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Online Dating Experiences of LGBTQ+ Emerging Adults With Disabilities

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In 2014 approximately 14.4% of Americans ages 18 to 24 had some type of disability. Compared to their peers without disabilities, disabled emerging adults typically have more difficulty dating and finding romantic and sexual partners. One way that they may escape disability stigma and smaller dating pools is through online dating. However, little is known about their experiences seeking romantic and sexual relationships online, and even less is known about the experiences of emerging adults with disabilities who identify with sexual orientations and have gender identities that are not heterosexual or cisgender. In the present study 27 LGBTQ+ emerging adults with various disabilities, genders, and sexual orientations completed 47 item online surveys before COVID in which they described their experiences with online dating and starting and sustaining romantic relationships. Results from qualitative data analyses suggest that rather than being neutral spaces that exist separately from stigma and social prejudice, dating apps and web sites typically perpetuate normative ideas of ableism, sexuality, and gender and stimulate questions of timing of disability disclosure. Despite challenges, however, online dating also offers opportunities to interact with multiple interested daters and appears to offer LGBTQ+ emerging adults with disabilities an often beneficial though sometimes vexing venue for relationship development.

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Availability of Data and Material

The dataset generated during and/or analyzed during the current study is here: .Mazur, Elizabeth. 2021. “Online Dating Experiences of LGBTQ+ Emerging Adults with Disabilities”. Qualitative Data Repository. QDR Main Collection. UNF:6:058wx8/RvD6VvpCzMD82xg== [fileUNF].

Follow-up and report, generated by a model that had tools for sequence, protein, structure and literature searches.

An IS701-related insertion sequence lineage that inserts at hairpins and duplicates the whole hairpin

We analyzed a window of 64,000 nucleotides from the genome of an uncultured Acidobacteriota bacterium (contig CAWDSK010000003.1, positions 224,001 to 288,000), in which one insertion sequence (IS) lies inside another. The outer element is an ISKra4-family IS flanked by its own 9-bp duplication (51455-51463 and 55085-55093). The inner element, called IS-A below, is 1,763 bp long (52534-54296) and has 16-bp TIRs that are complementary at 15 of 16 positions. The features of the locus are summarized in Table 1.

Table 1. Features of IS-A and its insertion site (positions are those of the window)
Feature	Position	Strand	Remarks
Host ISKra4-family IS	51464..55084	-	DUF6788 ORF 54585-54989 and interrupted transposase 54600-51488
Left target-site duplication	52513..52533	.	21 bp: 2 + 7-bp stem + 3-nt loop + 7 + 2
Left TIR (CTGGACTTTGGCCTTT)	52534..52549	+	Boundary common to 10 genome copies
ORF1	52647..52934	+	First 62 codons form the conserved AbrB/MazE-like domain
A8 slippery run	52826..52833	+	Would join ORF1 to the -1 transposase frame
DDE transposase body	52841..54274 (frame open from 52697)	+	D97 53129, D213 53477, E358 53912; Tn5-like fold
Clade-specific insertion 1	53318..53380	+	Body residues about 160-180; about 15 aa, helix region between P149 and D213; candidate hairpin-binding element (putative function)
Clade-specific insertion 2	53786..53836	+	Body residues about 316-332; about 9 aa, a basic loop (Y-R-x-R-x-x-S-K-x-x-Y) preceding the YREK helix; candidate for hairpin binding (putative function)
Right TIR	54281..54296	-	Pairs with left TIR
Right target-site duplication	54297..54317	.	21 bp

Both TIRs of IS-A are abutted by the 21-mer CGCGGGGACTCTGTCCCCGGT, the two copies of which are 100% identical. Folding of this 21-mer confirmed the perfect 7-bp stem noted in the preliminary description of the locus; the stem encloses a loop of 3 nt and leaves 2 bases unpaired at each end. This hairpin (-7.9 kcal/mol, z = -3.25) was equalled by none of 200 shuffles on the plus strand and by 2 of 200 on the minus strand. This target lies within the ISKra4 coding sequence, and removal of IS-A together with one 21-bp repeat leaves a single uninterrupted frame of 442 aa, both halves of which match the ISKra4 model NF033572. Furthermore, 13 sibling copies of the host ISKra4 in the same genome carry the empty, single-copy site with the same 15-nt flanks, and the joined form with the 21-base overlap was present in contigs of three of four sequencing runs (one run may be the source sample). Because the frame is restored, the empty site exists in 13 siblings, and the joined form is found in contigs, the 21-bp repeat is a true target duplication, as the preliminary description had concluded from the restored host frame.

Code Availability

Data was entered into Qualtrics and coded and analyzed in SPSS version 27.


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This project received funding from Penn State Greater Allegheny. I am grateful for the careful work of the undergraduate coders, Livia Bodner and Brittany Lesko.


This research was supported by a research grant from Penn State Greater Allegheny.

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The author has no relevant financial or non-financial interests to disclose.

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Correspondence to Elizabeth Mazur.

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The study was granted exemption by the Office for Research Protections of Penn State University according to the policies of the institution and the provisions of applicable federal regulations. The author certifies that the study was performed in accordance with the ethical standards as laid down in the 1964 Declaration of Helsinki and its later amendments or comparable ethical standards. A copy of the exemption determination is available on request.

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After reading the informed consent statement, participants’ voluntary completion of the survey and of the form to receive monetary compensation were considered as informed consent to participate.

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Mazur, E. Online Dating Experiences of LGBTQ+ Emerging Adults With Disabilities. Sex Disabil 40, 213–231 (2022).

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